Getting Off Track

Getting Off Track

How Government Actions and Interventions Caused, Prolonged, and Worsened the Financial Crisis

eBook - 2009
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Throughout history, financial crises have always been caused by excesses--frequently monetary excesses--which lead to a boom and an inevitable bust. In our current crisis it was a housing boom and bust that in turn led to financial turmoil in the United States and other countries. How did everything deteriorate so suddenly and dramatically? In Getting Off Track: How Government Actions and Interventions Caused, Prolonged, and Worsened the Financial Crisis, Hoover fellow and Stanford economist John B. Taylor offers empirical research to explain what caused the current financial crisis, what prolonged it, and what worsened it dramatically more than a year after it began. The author tells how unusually easy monetary policy helped set the crisis in motion, as interest rates at the Federal Reserve and several other central banks deviated from historical regularities. He explains monetary interaction with the subprime mortgage problem, showing how the use of these mortgages, especially the adjustable-rate variety, led to excessive risk taking. In the United States this was encouraged by government programs designed to promote home ownership, a worthwhile goal but overdone in retrospect. Looking ahead, the author suggests a set of principles to follow to prevent misguided actions and interventions in the future. -- Book Description.
Publisher: Stanford, Calif. : Hoover Institution Press, Ă2009
ISBN: 9780817949730
Characteristics: 1 online resource (xii, 92 pages) : color illustrations
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Additional Contributors: Hoover Institution Press


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Apr 20, 2013

This is how the term, "sadomonetarism" came to be. Such utter nonsense, as the author of this book clearly doesn't understand or comprehend (assuming he's not a professional liar, of course) the fundamental causes of the economic meltdown, or that engineered catastrophe. Energy/oil futures were speculated upwards tremendously (13.8 times above their actual physical price), as were Forward Freight Futures to drive up the costs of oil/gas transportation, and so forth. Ultra-leveraging, ultra-leveraged speculation and the largest insurance swindles in human history - - no mysteries there!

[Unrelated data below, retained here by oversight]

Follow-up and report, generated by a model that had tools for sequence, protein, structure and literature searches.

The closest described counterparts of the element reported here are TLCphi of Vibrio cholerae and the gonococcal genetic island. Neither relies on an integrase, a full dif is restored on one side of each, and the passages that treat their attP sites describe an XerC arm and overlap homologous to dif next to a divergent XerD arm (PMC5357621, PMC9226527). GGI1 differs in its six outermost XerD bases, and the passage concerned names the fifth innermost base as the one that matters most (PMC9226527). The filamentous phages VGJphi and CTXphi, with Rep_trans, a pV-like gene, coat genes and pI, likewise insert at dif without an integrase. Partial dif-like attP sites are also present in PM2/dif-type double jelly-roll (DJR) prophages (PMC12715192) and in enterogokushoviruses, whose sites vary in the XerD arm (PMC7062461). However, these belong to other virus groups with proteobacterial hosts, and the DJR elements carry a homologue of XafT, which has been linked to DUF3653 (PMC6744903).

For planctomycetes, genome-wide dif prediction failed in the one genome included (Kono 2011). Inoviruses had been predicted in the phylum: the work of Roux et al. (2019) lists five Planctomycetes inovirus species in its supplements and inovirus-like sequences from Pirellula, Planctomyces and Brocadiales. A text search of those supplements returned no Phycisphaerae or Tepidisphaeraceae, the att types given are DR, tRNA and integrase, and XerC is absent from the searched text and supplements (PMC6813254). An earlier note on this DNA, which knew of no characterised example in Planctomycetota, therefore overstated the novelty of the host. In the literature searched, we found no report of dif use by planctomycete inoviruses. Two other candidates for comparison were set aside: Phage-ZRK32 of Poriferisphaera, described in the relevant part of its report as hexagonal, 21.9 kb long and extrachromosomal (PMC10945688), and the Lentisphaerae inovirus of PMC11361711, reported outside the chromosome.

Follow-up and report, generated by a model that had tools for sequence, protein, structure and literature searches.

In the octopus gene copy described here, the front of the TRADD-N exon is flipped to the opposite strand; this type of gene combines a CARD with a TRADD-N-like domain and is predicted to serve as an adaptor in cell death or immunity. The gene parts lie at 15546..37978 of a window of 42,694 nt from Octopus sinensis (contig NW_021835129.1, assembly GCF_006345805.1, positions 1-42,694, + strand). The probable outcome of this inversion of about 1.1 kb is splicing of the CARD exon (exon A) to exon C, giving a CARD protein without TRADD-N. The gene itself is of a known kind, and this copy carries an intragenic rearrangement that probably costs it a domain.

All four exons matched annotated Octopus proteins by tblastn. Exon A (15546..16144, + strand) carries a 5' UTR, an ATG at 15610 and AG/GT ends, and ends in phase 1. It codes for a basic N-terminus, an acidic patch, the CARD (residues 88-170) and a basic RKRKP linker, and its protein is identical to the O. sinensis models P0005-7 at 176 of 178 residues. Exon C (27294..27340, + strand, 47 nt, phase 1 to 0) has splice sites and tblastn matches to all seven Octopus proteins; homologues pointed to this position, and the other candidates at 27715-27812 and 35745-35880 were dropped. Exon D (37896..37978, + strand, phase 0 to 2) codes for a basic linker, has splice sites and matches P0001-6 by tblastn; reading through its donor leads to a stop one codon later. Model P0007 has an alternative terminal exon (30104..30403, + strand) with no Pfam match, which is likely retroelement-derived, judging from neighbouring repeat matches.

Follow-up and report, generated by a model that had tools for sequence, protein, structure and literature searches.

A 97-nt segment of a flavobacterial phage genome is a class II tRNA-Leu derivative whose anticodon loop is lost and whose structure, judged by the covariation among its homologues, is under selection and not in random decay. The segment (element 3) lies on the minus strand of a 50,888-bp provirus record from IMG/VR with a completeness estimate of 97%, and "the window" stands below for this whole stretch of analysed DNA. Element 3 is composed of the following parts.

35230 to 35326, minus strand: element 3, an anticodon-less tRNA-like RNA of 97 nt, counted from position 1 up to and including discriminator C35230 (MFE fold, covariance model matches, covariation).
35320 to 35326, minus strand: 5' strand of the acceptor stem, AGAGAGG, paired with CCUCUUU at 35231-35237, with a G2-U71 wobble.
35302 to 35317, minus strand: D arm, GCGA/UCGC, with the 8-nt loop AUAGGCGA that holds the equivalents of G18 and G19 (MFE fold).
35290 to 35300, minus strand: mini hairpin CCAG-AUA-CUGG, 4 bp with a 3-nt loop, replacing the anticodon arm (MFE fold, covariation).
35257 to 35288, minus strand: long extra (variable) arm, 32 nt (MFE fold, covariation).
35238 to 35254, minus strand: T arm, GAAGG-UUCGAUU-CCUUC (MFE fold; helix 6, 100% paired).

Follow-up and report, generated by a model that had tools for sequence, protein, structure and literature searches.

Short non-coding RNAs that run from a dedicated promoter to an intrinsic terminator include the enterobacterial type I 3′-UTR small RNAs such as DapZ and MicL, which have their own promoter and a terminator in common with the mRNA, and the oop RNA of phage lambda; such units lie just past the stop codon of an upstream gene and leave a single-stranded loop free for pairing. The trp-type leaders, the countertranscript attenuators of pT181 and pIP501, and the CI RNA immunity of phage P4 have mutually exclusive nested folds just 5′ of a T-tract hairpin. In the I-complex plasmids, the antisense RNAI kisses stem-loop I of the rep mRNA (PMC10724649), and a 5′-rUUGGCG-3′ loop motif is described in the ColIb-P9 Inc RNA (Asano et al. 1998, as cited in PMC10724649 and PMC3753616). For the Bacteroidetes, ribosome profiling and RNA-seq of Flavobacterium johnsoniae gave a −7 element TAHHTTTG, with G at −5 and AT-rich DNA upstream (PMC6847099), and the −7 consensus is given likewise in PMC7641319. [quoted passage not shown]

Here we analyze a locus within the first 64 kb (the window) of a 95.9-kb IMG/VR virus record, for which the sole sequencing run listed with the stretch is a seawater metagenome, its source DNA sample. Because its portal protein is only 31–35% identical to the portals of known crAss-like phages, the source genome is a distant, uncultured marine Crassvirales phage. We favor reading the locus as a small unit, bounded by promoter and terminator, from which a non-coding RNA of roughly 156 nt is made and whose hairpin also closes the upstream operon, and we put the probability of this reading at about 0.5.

Jul 08, 2011

This is a very good book on how poor monetary policy provoked the 2008 US recession, and is an excellent companion volume to Thomas Sowell's "The Housing Boom and Bust", which shows the role of poor housing policy in causing the slump. Taylor also makes a convincing case that the government's response to the financial crisis following the bursting of the US housing bubble was badly flawed.

I have three caveats with this otherwise excellent book. First, for a highly technical volume aimed at the professional economist it is strange that it would chart overall inflation rates and house price indexes without identifying the series that are used.

Second, as a blogger noted, it is hard to swallow that the big increase in energy prices during this period was largely the result of too loose monetary policy by the US Fed. It seems that the runup in energy prices was a cofactor in the US and world recessions, and a more complete analysis would have paid attention to this.

Third, Taylor makes no mention of the defective series used as an inflation indicator by the US Fed: the personal expenditure price index excluding food and energy. A more useless series for monitoring housing bubbles would be difficult to imagine. This is well documented in my own paper: "A Better Inflation Indicactor: A CPI with a Net Purchase Approach to Owned Acccommodation, 2005-2010" presented at the 2011 meeting of the Canadian Economics Association.

Andrew Baldwin

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